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Frustrations parents have with child custody decisions

When New Jersey parents get divorced, one parent is often granted primary physical custody of their children while the other is typically given some visitation rights. However, in many cases, this results in the non-custodial parent being shut out, even when they share legal custody.

Some experience a frustrating lack of control. For example, non-custodial parents may feel that they are not granted equal access to medical and school records or that their input is not as valued when it comes to important medical decisions and school conferences. Although the parenting plan and the legal custody order may give them the right to, there are times when the custodial parent fails to give timely notice. Many non-custodial parents feel that, even when they are given the chance to participate in a meeting with a child's teacher, for example, their opinions are given less weight.

Some fathers feel that divorce courts unfairly favor the mother when it comes to determining physical custody. Although courts are supposed to be gender-neutral in this regard, mothers are awarded primary physical custody in most cases. The father then feels cheated out of spending quality time with his children and is limited to a visitation schedule that in some cases is insufficient. In addition, parenting plans often don't take into account special occasions that may have been unforeseeable when the plans were negotiated.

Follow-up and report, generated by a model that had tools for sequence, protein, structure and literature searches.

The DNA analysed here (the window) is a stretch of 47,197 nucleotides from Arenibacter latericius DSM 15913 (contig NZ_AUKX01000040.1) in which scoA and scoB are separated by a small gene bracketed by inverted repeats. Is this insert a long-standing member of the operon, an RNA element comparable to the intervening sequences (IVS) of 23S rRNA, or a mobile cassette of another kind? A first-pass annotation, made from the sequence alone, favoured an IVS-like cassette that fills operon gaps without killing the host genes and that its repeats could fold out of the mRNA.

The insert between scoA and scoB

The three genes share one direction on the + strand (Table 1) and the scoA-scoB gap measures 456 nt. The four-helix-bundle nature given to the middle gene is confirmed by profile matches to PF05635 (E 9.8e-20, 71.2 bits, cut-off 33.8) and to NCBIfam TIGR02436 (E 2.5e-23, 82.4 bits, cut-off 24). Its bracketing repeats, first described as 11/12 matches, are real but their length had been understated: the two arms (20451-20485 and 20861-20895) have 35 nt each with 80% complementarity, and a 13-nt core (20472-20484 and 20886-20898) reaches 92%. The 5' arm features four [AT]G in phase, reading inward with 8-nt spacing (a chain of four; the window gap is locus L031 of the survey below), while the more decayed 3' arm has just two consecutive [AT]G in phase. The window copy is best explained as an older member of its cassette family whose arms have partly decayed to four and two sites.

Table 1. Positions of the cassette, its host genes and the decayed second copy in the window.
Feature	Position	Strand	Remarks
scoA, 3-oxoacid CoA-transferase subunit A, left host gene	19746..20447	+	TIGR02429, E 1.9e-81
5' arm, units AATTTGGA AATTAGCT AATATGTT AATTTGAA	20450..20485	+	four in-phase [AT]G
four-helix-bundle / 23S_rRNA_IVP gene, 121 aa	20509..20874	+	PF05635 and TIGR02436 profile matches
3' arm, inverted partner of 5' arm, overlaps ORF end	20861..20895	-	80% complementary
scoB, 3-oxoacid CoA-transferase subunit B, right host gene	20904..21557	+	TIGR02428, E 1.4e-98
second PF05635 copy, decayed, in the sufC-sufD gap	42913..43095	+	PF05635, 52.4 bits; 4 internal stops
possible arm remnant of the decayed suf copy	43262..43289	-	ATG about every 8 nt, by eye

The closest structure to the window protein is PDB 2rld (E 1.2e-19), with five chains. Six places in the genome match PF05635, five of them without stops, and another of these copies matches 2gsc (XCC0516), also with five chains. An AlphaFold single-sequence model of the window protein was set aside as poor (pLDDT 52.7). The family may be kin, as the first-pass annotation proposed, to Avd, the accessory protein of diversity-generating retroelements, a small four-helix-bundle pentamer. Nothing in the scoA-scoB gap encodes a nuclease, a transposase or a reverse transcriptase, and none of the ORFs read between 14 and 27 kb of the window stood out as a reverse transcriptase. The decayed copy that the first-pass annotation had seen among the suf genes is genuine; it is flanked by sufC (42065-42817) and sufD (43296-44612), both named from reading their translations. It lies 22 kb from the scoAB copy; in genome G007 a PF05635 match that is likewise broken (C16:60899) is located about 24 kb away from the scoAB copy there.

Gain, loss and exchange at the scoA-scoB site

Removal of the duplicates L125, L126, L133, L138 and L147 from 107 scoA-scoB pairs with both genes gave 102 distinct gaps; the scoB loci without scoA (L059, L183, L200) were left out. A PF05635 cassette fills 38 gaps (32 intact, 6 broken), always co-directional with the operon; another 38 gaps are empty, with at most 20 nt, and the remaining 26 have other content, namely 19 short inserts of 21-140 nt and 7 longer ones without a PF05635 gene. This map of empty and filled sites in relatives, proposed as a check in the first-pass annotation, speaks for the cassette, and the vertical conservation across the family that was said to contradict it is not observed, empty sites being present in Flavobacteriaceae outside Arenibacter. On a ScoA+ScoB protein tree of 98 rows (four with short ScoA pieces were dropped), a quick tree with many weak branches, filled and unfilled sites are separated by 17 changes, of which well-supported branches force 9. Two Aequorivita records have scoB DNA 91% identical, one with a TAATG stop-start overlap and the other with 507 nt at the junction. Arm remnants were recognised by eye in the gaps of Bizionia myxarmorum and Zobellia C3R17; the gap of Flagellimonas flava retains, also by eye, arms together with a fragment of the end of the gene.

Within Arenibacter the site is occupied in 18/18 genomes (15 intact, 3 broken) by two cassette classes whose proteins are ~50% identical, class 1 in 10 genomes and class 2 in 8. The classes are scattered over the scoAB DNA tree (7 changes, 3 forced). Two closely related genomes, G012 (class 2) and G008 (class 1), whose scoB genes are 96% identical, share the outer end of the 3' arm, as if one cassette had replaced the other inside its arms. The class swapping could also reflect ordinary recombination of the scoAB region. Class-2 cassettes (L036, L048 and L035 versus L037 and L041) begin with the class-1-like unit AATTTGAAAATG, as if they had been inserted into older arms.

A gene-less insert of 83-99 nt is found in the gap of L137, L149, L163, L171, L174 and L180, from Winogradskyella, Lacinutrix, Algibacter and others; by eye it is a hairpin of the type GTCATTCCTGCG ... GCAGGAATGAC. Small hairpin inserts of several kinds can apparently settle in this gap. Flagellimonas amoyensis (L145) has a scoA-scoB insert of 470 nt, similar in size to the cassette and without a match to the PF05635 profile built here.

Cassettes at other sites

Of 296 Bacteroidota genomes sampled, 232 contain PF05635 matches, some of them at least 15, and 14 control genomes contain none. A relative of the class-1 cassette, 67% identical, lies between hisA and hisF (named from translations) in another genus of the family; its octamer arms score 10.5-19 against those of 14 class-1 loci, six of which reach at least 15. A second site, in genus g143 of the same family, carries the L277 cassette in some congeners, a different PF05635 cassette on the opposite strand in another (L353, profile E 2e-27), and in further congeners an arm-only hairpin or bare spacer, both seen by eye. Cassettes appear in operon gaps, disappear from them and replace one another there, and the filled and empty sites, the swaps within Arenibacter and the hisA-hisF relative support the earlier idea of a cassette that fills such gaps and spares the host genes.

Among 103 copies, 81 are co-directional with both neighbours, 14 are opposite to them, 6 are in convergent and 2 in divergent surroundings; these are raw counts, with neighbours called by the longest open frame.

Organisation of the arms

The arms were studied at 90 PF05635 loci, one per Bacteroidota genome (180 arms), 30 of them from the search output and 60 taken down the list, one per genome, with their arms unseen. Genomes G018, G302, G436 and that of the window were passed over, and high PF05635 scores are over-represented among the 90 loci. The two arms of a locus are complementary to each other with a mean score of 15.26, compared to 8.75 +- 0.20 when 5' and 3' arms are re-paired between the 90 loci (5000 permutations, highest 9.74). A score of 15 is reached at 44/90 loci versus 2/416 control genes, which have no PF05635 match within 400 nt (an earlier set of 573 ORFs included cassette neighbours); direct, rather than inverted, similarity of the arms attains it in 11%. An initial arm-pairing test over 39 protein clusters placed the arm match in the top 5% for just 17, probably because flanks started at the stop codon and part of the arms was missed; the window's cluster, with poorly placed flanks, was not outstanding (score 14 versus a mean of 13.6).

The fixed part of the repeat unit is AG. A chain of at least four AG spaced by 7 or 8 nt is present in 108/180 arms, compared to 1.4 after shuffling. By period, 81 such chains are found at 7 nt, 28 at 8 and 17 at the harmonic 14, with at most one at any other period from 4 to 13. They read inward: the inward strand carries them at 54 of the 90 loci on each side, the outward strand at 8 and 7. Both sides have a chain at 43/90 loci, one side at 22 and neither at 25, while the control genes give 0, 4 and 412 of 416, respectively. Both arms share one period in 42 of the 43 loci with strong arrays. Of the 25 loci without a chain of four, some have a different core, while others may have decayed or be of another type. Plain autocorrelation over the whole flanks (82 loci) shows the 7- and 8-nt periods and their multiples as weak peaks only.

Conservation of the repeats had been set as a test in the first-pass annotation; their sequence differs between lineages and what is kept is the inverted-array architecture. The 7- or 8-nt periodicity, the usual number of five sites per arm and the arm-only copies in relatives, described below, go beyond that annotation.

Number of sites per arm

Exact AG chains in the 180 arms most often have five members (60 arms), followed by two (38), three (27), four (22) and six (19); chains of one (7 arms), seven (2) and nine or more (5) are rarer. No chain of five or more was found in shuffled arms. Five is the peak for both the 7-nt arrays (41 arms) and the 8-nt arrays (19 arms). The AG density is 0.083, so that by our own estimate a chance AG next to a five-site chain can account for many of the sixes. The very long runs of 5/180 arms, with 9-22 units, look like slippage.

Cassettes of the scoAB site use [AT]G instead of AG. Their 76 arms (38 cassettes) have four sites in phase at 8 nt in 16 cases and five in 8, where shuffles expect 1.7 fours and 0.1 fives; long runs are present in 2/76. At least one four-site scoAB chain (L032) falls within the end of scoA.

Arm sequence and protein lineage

Some of these issues could be addressed through negotiations or mediation if the parents are able to communicate with each other. However, a non-custodial parent whose efforts to play a larger role in his children's life are being thwarted may want to have the assistance of counsel in pursuing a modification of the order if all else fails.

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